"Can I get a refill?" California's groundwater reserves are low

Sacramento, California - One third of veggies and two thirds of fruits and nuts in the US come from the severely parched state of California, but the delicious crops are in danger of further water shortages due to damaged groundwater reserves.

Lake Oroville continued to dry up in California's 2021 drought.
Lake Oroville continued to dry up in California's 2021 drought.  © IMAGO / ZUMA Press

A recent study funded by the University of California Research Initiatives (UCRI) announced that groundwater reserves in California haven't been replenished fast enough to keep up with the state's water use.

Researchers used data pulled from NASA's GRACE satellites, which rely on minute changes in the pull of gravity over different parts of the planet. In parts where there is less matter – due to chronic groundwater loss, for example – there is a slightly lower gravitational force, which the satellites can pick up.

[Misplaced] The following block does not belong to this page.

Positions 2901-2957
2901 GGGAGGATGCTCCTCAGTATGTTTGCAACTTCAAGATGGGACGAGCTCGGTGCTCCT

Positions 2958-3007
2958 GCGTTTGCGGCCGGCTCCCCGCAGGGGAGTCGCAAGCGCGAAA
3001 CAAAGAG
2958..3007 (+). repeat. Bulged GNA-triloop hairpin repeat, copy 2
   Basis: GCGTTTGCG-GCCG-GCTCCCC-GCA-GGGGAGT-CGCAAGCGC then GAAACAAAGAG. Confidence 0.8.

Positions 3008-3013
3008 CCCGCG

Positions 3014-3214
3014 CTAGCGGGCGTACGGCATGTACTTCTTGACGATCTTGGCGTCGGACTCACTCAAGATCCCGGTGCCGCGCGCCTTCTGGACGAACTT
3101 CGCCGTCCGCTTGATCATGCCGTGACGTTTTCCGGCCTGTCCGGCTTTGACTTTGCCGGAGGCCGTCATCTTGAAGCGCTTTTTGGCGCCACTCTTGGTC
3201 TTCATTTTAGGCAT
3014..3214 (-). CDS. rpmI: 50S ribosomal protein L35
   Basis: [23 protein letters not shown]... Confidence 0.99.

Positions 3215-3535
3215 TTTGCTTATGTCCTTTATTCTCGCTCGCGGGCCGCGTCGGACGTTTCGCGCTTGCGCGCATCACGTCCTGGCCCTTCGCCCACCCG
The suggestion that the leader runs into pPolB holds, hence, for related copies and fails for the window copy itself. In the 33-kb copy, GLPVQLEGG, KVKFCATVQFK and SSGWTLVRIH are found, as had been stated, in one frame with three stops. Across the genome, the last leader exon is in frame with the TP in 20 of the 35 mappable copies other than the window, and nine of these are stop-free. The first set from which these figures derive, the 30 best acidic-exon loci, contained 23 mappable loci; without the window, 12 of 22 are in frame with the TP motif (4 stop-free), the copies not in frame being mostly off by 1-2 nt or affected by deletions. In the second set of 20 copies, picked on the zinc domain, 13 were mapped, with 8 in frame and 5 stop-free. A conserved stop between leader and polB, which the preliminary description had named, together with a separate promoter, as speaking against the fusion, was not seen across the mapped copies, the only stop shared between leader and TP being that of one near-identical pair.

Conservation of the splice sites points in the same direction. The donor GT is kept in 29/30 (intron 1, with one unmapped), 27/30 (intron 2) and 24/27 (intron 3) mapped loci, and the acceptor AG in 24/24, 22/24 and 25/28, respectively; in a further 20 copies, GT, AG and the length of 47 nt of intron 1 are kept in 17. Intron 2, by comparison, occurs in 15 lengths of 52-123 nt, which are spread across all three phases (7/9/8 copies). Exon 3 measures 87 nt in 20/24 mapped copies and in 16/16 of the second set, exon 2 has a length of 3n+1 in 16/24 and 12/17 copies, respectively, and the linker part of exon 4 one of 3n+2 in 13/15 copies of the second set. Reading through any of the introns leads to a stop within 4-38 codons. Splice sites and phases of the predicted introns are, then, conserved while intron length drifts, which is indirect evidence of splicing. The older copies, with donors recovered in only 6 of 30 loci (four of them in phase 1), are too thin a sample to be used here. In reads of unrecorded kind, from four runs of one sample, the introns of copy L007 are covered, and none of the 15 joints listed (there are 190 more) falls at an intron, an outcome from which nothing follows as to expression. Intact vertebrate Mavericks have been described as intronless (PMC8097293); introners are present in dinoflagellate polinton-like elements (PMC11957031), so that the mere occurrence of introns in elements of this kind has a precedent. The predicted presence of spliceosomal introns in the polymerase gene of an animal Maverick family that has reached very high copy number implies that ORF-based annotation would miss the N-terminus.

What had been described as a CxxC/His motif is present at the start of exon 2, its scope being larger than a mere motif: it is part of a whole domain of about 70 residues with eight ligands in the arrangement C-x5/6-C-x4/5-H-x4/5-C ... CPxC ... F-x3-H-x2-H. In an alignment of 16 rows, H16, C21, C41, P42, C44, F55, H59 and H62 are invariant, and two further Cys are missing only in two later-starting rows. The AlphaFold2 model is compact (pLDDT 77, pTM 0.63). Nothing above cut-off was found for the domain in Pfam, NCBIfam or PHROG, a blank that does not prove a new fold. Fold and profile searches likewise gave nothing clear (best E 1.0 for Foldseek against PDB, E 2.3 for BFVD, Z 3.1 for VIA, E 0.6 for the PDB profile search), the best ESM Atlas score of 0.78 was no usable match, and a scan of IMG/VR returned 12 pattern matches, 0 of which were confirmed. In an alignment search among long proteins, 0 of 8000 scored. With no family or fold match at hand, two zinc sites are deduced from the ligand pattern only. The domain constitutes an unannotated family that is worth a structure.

The water shortage is due to a necessary practice in the Golden State, where agriculture and urban water demands are met by tapping into groundwater supplies during drier periods.

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This would normally be no problem, because when the rain returns, it can top up the aquifers. However, decades of droughts and acute water mismanagement have prevented groundwater reserves from returning to healthier levels.

The researchers also found that there may not be enough refills anytime soon, even with new policies enacted to save water.

The very best case scenario for refilling groundwater reserves in California could take up to six to eight years, but the current climate and rainfall trends make a projected timeframe of up to two decades much more likely.

New water-saving measures and time are the ingredients needed to heal California's aquifers, while the extreme drought problems in California are expected to worsen as climate change continues.

Cover photo: IMAGO / ZUMA Press

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